Some More Red Sea Damsels

Richard AspinallBy Richard Aspinall 3 years agoNo Comments

damsel, damselfish

To follow an earlier post, I wanted to share a few more images of pomacentrids from the Red Sea.  I’ve got two more species that I know, and one more that I’m not quite sure about, so I would welcome any input from folks more knowledgeable than I.My first species is Chromis dimidiata, the aptly named Half-and-Half Chromis.  This fish appears to have been grabbed by the tail and dipped into a pot of paint. It’s one of the smaller of the clan at 8-9 cm, but can occur in very large shoals to make up for its diminutive size.

damsel, damselfish

In this image you can see scores of Half-and-Halfs.  Like many chromis, they shelter within the coral branches.  Look closely and you can see some Scissortail Sergeants (Abudefduf sexfasciatus).

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Next up is a rather fine fish, not overly colorful, but quite splendid nonetheless. This is Amblyglyphiododon indicus, the Pale Damselfish.  This fish has a close relative A. leucogaster, which is found in the western Pacific.

damsel, damselfish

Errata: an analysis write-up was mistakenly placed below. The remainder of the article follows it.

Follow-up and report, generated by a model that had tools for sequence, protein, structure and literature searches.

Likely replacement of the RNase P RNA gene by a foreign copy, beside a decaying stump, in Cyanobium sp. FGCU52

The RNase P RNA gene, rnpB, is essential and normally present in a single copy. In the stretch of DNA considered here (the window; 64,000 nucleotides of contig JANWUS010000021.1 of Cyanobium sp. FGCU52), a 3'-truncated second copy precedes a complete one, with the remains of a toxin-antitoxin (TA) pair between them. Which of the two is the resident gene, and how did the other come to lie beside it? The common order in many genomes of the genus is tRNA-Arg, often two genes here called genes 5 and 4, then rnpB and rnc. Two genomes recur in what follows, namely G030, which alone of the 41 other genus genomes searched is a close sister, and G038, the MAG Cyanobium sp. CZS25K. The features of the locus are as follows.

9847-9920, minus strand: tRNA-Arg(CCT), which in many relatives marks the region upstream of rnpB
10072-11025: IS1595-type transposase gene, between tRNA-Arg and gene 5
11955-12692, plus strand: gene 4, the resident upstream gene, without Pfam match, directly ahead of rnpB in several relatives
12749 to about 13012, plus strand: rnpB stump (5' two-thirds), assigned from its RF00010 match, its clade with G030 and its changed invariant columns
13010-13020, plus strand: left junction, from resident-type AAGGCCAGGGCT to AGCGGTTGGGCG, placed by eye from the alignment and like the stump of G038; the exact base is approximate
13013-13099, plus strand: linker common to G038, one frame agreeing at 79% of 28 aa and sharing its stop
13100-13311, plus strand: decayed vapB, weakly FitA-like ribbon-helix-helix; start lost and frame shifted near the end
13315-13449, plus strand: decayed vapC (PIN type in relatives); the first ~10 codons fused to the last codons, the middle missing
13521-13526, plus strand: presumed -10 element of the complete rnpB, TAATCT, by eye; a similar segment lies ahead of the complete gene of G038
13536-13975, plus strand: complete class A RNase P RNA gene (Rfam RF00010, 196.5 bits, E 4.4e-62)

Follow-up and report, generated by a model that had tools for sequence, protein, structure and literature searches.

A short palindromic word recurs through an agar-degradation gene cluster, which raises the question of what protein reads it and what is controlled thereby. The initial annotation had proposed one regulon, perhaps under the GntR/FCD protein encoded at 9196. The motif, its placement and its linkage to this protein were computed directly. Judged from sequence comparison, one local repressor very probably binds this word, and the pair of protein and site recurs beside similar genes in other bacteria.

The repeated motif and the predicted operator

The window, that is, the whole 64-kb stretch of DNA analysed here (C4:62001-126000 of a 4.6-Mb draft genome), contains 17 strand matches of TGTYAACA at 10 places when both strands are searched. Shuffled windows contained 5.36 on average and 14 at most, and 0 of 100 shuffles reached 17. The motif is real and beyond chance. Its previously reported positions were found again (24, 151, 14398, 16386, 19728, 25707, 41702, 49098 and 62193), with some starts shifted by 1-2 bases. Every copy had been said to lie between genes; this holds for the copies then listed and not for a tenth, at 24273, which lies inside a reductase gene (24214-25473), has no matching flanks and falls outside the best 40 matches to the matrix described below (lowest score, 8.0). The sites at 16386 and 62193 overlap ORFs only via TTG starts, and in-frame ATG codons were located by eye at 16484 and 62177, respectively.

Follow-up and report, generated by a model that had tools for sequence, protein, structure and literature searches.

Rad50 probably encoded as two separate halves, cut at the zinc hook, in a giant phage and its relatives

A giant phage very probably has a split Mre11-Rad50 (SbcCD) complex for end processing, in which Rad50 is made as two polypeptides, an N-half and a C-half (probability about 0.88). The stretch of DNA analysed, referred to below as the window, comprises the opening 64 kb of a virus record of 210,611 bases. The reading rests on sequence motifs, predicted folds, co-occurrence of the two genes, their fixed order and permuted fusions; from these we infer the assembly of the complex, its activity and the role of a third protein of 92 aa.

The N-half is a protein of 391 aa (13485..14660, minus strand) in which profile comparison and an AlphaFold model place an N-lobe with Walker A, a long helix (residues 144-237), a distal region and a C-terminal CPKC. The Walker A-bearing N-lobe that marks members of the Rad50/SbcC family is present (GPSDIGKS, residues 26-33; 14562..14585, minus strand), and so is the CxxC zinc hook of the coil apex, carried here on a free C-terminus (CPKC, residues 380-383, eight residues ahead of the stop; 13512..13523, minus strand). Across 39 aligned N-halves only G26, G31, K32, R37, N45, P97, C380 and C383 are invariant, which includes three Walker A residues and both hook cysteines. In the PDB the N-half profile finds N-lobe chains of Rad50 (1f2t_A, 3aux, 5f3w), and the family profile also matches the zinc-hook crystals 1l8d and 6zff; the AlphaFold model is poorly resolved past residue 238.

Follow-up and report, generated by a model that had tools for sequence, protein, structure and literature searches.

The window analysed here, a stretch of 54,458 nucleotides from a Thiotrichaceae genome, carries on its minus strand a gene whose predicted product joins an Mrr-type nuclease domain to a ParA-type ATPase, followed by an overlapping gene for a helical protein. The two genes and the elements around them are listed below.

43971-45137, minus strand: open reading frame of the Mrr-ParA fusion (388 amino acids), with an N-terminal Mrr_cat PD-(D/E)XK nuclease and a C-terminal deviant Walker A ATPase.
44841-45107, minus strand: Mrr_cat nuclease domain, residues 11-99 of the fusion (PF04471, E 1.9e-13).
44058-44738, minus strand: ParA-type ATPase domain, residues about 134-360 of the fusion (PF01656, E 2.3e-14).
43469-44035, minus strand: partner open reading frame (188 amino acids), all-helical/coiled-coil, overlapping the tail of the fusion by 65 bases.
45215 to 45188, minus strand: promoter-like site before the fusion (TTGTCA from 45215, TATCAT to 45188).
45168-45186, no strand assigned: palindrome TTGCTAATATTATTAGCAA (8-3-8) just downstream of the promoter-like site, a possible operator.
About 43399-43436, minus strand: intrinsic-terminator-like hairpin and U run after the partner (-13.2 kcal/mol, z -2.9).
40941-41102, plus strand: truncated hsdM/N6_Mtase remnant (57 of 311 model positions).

My final fish is a real little beauty, the problem is I don’t know what it is.  Clearly it is a juvenile and resembles many species from the Pomacentrus genus, but which one?

damsel, damselfish

It quite strongly resembles P. nagasakiensis, but I really don’t think that’s what it is.  If I had to put money on it, I’d go for P. trilineatus, though they always seem to have more yellow?  If anyone can offer a definitive ID, I’d be pleased to hear from you.

 

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  Fish, Photography
Richard Aspinall
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 Richard Aspinall

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Richard lives in Scotland where he works as a freelance writer and photographer. Richard writes for several magazines on topics as diverse as scuba diving, travel and wildlife.

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